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ECT News Community   »   MacNewsWorld Talkback   »   Re: Is Apple Missing the E-Reader Boat?



Re: Is Apple Missing the E-Reader Boat?
Posted by: Chris Maxcer 2009-11-27 07:35:20
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E-readers seem to be smoking hot this year. The Amazon Kindle, of course, has been leading the pack, but Sony seems to have sold more than a handful as well, and its new Sony Daily Edition e-reader may be in short supply. Meanwhile, newcomer Barnes & Noble already sold out of its new Nook e-reader, which the company just announced a month ago -- and that's only pre-orders that aren't shipping until the end of this month. Order a new Nook now, and you'll have to wait until January to get it. Sounds a bit like Amazon's first sold-out holiday sales effort with the Kindle.


Apple iPhone and E Reader craze
Posted by: tekwzrd 2009-12-11 08:07:54 In reply to: Chris Maxcer
I personally am considering getting an iPhone because I can use it as an e-book reader with the barnes & noble app. I don't think they're missing the boat at all and will probably gain users like me who wouldn't get one before but will now because it can save me $300 for a dedicated e-book reader.

Not Apple's way to follow
Posted by: jescott418 2009-12-02 12:25:17 In reply to: Chris Maxcer
I think Apple generally enters a market with a twist. It has done so with its computers, with the MP3 player and with the iPhone. They start off doing the basic function of what the competition does but then ads a little more. The problem with a reader is that its just that. Then to top it off Steve Jobs hates dealing with copyright stuff. Books are going to be just that. Some books no doubt will end up exclusive to only one reader. That's a problem with them. I think I agree with another Steve from Microsoft. He says the computer is already a good reader. I agree and think its much more flexible. Count on Apple to look at a bigger iPod Touch.

Your style is weak
Posted by: chano1 2009-11-28 08:55:11 In reply to: Chris Maxcer
Why adopt a writing style which starts an article by setting up a premise and then proceeds to contradict itself by showing that initial premise to have been weak? The only thing that this approach achieves is an article that effectively says nothing we did not already know.
Weak.
A waste of your time and mine and more besides.

Its hard to know what Apple has planned.
Posted by: LouisWheeler 2009-11-27 23:25:32 In reply to: Chris Maxcer
You do a good job of delineating all the reasons why Apple should stay out of this market. But, I remember those same arguments were put forth for the music player and the mobile phone markets, too. "Apple is too late: The market is already sewed up. Apple has nothing to contribute."

Apple is not going for market share. It won't participate unless it can turn the market on its head with a well thought out ecosphere. It has to blow the competition away. How can, just an e-book reader, do that?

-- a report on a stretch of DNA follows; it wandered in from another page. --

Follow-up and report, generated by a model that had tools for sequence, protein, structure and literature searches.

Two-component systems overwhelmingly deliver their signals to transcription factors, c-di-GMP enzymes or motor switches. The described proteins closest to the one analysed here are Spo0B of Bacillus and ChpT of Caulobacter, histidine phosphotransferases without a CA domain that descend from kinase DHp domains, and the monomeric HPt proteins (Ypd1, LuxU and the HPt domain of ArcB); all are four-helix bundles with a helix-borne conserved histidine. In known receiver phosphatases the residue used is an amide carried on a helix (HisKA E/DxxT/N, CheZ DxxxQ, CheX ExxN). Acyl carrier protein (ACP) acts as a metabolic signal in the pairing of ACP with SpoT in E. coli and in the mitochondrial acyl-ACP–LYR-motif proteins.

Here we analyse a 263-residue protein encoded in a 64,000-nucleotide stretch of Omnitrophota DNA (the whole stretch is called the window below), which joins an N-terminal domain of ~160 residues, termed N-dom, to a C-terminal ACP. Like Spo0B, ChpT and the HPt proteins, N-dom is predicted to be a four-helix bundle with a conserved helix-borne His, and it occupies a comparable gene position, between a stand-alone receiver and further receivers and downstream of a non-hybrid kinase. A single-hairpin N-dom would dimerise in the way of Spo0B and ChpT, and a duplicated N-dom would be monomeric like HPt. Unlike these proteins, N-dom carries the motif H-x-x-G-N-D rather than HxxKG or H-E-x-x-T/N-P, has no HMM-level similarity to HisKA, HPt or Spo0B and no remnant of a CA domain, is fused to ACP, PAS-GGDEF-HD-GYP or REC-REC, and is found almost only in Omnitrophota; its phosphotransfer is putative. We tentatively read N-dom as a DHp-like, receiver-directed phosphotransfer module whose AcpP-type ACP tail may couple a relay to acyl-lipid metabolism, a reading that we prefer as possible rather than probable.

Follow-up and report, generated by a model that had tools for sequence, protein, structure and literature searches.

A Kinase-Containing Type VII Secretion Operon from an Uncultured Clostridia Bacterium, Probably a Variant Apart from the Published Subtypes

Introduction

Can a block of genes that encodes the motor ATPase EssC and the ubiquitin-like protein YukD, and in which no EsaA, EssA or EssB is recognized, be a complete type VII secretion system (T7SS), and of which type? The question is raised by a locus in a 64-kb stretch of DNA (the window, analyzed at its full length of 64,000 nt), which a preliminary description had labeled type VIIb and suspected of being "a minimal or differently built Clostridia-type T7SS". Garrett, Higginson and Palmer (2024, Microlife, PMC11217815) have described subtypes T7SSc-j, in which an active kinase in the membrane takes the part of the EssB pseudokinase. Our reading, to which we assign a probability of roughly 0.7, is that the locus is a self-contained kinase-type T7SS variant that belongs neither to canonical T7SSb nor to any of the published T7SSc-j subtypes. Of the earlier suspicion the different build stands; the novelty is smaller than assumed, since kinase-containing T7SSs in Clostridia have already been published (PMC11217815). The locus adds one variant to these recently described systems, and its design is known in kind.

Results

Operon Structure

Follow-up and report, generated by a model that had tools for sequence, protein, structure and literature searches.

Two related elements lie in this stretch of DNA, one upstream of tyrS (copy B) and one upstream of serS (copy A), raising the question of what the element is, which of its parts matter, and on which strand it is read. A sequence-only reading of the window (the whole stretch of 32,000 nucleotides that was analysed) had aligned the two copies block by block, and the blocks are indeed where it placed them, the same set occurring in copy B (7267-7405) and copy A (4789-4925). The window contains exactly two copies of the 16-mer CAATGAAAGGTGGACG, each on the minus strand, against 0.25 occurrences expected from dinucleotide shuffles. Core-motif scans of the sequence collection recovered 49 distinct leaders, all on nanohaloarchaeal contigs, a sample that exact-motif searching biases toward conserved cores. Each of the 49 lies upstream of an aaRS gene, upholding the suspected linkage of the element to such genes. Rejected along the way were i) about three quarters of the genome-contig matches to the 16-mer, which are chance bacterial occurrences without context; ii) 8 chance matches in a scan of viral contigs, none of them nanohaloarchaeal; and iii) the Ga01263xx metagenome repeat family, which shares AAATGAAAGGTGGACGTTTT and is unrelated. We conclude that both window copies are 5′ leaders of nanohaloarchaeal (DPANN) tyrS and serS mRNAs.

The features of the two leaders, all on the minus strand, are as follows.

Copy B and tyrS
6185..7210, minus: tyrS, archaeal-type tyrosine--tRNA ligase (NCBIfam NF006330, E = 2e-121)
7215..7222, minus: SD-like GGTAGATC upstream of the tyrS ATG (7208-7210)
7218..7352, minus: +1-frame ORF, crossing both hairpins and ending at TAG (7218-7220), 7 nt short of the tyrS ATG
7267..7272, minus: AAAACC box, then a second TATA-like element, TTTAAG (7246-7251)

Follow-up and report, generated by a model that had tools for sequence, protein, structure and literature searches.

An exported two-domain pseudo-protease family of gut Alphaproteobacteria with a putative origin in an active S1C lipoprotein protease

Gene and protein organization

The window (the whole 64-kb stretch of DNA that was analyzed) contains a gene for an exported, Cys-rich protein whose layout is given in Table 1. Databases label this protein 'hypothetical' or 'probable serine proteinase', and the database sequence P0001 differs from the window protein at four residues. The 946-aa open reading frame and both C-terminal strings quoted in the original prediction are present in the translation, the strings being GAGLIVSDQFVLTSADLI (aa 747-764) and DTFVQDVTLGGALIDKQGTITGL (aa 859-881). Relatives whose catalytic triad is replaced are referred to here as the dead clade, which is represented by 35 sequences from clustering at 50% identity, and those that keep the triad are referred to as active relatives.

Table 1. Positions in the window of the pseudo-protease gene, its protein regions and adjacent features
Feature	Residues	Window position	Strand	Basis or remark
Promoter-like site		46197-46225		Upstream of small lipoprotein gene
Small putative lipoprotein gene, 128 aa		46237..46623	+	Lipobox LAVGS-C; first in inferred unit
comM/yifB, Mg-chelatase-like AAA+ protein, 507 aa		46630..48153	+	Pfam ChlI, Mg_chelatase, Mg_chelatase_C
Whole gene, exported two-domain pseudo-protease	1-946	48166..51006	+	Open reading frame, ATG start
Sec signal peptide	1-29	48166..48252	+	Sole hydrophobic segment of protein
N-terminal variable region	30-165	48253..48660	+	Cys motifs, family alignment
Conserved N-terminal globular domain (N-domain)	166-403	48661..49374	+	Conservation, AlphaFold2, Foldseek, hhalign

Apple has plenty on its plate now, what with the move to 64 bit processing, GCD and OpenCL. Apple's pro applications were still in Carbon API's at Snow Leopard's launch.

There are the implications of Snow Leopard which won't hit us until the majority of apps are converted to 64 bit processing in six months. The user base is rapidly moving to Snow Leopard. It has only been three months since SL's launch and about a third of the Mac user base has upgraded. I'm guessing that 75%+ of the Mac user base will be in SL and 90% of Mac apps will be in the 64 bit kernel by June.

There is no reason to switch to the 64 bit kernel by default until most people have converted. So, many changes to the OS are waiting in abeyance.

Apple has been re-building its foundations with Snow Leopard; it is not just a bug fix, as reported. The result will be an astounding increase in speed and flexibility. This is because almost all apps will be object oriented.

I've heard of 200 to 1200% speed increases in apps due to better use of the Core 2 registers, the multiple cores of the CPU and the GPU. These are not minor matters and Apple will have its hands full dealing with growth and compatibility issues by the middle of next year.

About that time Apple will be starting its regular Mac application store. Apple is building a 500 thousand square foot data center in North Carolina, but that is for the future. It will not be ready for a year and a half. Apple can rent unused data facilities until then.

So, why would Apple want to add a new product line to its mix, now? Wouldn't that dilute its focus?

Even so, I suspect that Apple will go for it. Why? Because Apple will be using it to extend its iTouch market. But, all this depends on the details. That e-book reader has to be good -- damned good.
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